The presence of US troops in Somalia helps the Islamist insurgency Al Shabaab recruit, exacerbating the very violence they claim to be fighting. But the House has voted down a resolution to withdraw.
On April 27, the House voted 101-321 against Republican Rep. Matt Gaetz’s resolution to remove all US troops from Somalia, even as all signs point to escalation in the fight with Al-Shabaab. AFRICOM, the US Africa Command, and Somalia’s president, Hassan Sheikh Mohamud, are both asking for more US presence, more funds, more weapons, more drones, and fewer restrictions on how they’re used.
The resolution did not call for an end to the drone bombing, only for the withdrawal of US troops.
Gaetz had no expectation that it would pass, but he forced all 435 members of the House to go on record for or against another costly US “forever war.” Conceivably they’ll have to answer for their votes in 2024, perhaps to the US’s tiny antiwar community, but more likely to the “America First” political movement that Gaetz shares with Donald Trump.
The vote ensures that the US will maintain a military presence in Somalia until at least after the next election cycle. At least 900 US troops have been stationed in Somalia, playing an advisory role while the national army they train takes heavy casualties on the battlefield against the Islamist al-Shabaab forces.
Located in the strategically significant Horn of Africa, Somalia not only has the longest coastline in Africa, but perhaps the world’s largest untapped coastal oil reserves. In 2021, the Somali government signed a $7 million oil exploration deal with the Houston, Texas-based company, Coastline.
Though congressional hawks justify the US military presence in Somalia in terms of freedom” and counter-terrorism, the country’s geography and potentially massive oil wealth make it a key strategic prize for Washington.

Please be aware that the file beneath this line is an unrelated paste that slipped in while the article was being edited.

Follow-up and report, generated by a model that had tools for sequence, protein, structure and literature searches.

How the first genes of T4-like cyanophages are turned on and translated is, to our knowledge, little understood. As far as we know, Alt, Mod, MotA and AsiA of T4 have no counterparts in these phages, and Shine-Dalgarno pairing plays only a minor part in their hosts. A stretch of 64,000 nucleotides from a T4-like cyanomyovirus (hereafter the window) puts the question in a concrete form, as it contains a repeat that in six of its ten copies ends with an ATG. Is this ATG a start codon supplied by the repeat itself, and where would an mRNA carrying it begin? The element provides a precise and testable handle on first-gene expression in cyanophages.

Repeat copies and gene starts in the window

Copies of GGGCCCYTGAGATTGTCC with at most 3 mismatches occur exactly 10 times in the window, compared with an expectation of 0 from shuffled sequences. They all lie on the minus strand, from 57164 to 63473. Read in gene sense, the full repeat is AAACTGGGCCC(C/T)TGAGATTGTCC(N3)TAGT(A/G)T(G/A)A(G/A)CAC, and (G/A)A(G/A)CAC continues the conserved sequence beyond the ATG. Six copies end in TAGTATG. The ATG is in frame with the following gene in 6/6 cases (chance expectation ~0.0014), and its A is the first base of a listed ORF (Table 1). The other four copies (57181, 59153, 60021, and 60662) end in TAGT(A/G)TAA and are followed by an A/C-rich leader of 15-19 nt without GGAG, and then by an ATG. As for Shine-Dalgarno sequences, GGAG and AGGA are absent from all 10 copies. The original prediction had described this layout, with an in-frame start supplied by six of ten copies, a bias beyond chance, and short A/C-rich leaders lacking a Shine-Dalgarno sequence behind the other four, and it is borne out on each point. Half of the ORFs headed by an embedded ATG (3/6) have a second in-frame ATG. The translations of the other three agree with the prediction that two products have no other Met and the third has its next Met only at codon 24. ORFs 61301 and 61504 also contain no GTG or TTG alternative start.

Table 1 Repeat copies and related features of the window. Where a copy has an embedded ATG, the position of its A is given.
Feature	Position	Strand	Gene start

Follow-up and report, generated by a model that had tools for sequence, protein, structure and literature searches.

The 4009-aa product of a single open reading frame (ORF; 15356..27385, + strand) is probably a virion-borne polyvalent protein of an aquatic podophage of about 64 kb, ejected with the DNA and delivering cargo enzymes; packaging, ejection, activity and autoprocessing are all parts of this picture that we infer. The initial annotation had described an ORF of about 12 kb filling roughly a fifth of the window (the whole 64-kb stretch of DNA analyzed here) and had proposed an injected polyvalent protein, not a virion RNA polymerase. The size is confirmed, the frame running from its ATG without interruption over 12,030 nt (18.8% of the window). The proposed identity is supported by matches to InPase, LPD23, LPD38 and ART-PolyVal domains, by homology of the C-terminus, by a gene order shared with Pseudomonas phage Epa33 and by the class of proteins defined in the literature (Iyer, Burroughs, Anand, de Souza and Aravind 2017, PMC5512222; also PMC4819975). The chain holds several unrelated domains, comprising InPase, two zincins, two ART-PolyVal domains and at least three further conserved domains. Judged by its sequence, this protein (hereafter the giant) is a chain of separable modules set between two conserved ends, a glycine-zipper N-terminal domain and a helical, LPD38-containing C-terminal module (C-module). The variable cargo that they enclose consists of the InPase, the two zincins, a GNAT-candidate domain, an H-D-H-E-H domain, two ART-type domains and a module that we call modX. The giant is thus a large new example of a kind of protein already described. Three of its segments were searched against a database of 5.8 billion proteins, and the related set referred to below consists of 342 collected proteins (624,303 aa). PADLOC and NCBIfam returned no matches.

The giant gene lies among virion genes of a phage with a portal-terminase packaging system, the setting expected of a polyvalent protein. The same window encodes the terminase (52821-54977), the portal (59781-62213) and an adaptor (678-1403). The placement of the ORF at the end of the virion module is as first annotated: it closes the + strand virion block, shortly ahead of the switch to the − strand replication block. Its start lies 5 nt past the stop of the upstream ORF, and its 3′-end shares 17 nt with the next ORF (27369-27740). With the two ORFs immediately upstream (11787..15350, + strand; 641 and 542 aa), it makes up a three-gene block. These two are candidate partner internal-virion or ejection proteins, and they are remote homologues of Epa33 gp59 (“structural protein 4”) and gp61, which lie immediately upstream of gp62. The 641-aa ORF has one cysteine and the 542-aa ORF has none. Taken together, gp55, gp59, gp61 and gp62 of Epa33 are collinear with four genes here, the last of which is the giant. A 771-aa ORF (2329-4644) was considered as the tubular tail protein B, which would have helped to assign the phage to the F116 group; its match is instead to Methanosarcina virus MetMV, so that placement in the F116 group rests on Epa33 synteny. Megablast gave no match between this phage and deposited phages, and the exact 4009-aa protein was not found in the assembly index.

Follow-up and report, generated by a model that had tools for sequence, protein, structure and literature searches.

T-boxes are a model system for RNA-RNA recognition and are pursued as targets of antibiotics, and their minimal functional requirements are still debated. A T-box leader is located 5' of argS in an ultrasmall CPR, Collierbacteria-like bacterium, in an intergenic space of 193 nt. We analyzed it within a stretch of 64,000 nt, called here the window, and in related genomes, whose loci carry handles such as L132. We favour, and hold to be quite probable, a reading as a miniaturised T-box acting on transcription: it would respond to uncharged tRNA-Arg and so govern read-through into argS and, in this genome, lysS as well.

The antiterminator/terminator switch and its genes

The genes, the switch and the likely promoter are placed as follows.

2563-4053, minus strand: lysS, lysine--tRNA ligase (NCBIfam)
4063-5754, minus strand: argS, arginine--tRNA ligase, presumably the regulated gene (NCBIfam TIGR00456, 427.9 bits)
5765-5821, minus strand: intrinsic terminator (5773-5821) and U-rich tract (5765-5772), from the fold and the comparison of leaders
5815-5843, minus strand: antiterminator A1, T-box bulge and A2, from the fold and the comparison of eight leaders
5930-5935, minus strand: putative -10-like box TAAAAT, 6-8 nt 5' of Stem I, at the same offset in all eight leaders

Gaetz and the co-sponsors of the resolution to withdraw from Somalia were all Republicans. Fifty-two Republicans and 50 Democrats voted in favor of a pullout, while 165 Republicans and 156 Democrats voted no. (12 House members did not vote). The vote closely resembled the results on Gaetz’s failed resolution to withdraw from Syria, which brought together a left-right coalition in support while the bipartisan pro-war majority expressed vehement opposition.
In his press release, Gaetz wrote, “When the House debated my resolution to withdraw troops from Syria, both Republicans and Democrats argued the 2001 Authorization for Use of Military Force (AUMF) against Afghanistan serves as a global permission slip for every neocon fantasy. They will argue the same for Somalia.” As they did, although some said it should be revisited and rewritten with a narrower scope.
Somali President Hassan Sheikh Mohamud is all in Most reports are likening Gaetz’s resolution to withdraw from Somalia to the effort he previously led to force a US military pullout from Syria. But there is a key distinction between the two situations.
In Syria, US troops are violating international law because they are not welcome by the government in Damascus. They are an occupying force violating Syrian sovereignty.
In Somalia, however, President Hassan Sheikh Mohamud is all in with US drones in the air and troops on the ground, tweeting his thanks to Joe Biden. His only complaint has been that he’s not getting enough air support.